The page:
crush (verb, noun) /krʌʃ/ LISTEN
Most commonly, to crush means ‘to press or squeeze with force,’ ‘to wrinkle into tiny folds,’ and ‘to break in small particles.’ Figuratively, if you give someone a big, tight hug, they might say that you’re crushing them and, if you beat or destroy something or someone, you can use crush as well. Crush also means ‘to upset or shock.’ As a noun, a crush is obviously the act of crushing and the state of being crushed. Informally, a crush is a crowd and also an intense infatuation with someone, as well as the person you are infatuated with.
- The cider maker crushes apples in a press.
- My clothes got crushed in my suitcase; I need to iron them all now!
- Steve crushed the spices using a mortar and pestle.
- Ow, get off; you're crushing me!
- The away team crushed the home players, beating them 33 to 12.
- Julie was crushed by the news that she hadn't got into the course she wanted to do.
- There was a crush of people on the subway.
- Dave can't stop talking about Sarah. It's so obvious he has a crush on her.
In pop culture
Many love songs have been written about having a crush. Here are two of our favorites.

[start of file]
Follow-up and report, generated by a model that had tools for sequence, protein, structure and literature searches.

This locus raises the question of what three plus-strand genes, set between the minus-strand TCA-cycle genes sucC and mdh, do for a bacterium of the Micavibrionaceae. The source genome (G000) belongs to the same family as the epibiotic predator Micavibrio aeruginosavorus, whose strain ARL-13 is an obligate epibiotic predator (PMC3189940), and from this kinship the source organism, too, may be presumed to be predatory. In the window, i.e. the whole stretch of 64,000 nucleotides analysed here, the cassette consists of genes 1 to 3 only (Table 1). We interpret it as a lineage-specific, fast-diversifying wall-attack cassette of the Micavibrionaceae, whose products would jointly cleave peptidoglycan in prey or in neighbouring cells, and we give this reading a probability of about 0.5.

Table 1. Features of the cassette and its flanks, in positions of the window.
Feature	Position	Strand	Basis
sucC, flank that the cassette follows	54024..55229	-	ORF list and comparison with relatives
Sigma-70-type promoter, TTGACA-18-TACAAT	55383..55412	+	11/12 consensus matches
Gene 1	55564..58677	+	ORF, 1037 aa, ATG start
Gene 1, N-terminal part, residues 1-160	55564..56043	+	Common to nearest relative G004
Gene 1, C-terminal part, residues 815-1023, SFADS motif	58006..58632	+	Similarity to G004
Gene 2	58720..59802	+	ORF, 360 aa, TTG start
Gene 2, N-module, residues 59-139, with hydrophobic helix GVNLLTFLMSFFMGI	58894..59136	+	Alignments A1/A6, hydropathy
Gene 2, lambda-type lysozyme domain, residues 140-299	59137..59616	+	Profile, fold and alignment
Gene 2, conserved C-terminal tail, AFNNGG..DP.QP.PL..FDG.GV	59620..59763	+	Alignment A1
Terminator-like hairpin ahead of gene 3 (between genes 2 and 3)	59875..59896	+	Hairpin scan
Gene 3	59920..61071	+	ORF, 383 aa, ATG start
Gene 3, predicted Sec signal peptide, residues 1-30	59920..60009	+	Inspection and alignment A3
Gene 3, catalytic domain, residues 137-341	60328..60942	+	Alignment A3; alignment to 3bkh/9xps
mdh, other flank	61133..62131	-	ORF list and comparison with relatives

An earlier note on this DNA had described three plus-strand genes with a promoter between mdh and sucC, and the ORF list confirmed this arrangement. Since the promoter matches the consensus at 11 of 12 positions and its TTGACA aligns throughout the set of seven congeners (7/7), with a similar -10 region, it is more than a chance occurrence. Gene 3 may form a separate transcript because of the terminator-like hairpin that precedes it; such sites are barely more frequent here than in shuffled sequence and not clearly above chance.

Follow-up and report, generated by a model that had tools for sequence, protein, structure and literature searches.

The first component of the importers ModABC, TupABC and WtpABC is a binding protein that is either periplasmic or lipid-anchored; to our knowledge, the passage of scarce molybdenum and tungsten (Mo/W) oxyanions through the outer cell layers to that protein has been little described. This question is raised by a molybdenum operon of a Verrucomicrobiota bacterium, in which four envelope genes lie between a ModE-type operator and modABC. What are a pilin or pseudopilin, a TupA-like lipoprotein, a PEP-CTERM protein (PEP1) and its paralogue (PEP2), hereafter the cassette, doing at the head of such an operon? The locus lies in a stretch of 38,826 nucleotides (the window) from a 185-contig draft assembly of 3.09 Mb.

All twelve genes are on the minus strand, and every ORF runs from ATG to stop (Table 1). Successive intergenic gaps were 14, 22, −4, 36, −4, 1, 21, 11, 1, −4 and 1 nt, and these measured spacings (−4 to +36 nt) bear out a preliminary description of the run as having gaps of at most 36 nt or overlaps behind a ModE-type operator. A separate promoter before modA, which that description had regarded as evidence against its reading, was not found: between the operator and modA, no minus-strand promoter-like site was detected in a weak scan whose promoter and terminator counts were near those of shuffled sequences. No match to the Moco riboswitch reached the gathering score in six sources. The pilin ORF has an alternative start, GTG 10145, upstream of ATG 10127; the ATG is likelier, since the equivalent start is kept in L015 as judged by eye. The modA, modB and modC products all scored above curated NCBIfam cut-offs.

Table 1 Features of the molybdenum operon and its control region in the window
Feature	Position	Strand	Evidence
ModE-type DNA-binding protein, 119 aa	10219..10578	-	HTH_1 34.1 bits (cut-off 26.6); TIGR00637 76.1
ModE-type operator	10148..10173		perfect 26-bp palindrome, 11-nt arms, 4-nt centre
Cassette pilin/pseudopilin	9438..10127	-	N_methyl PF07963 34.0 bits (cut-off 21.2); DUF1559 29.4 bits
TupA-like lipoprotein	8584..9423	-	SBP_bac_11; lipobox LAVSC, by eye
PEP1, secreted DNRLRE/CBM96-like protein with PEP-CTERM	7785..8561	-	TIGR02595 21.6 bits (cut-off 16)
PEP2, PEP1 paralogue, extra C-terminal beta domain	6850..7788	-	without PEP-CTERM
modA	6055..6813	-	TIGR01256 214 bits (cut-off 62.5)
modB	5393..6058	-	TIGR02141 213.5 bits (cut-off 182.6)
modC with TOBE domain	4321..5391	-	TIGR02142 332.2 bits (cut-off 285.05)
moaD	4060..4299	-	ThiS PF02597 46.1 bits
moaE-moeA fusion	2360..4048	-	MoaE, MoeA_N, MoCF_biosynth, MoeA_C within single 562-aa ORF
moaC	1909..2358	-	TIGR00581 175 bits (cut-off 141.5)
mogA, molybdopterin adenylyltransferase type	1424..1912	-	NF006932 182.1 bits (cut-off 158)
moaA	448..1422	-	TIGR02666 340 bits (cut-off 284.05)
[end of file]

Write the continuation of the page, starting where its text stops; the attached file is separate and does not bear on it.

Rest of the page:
Did you know?
The related adjective crushing is often used figuratively to talk about something that has had a great impact on someone, either emotionally—”His wife leaving him was a crushing blow for Henry”—or in terms of losing something—”The team suffered a crushing defeat in the final.”
crusher (noun), crushable (adjective), crushing (adjective)
Crush dates back to the early 14th century, as the Middle English cruschen. It came into English from the Middle French cruisir (the Old French cruissir was originally a variant of croissir, which meant ‘to crash or break,’ as well as ‘to gnash, or grind, your teeth’). Though it came into English from French, crush is probably Germanic in origin, and may have come into French through the Frankish krostjan. It is related to the Old Swedish krusa, krosa (to crush) and krysta (to gnash), the Middle Low German krossen (to crush) and the Gothic kriustan (to gnash). It is also related to some non-Germanic words, which are thought to be Germanic loans, such as the Italian crosciare, the Catalan cruxir, the Latin crujirare, and the Spanish crujir. The figurative sense (to humiliate or demoralize) appeared around the year 1600. The noun, meaning ‘the act of crushing,’ dated back to the late 16th century. The meaning ‘large crowd’ appeared in the early 19th century, while the colloquial meaning of infatuation is from the late 19th century.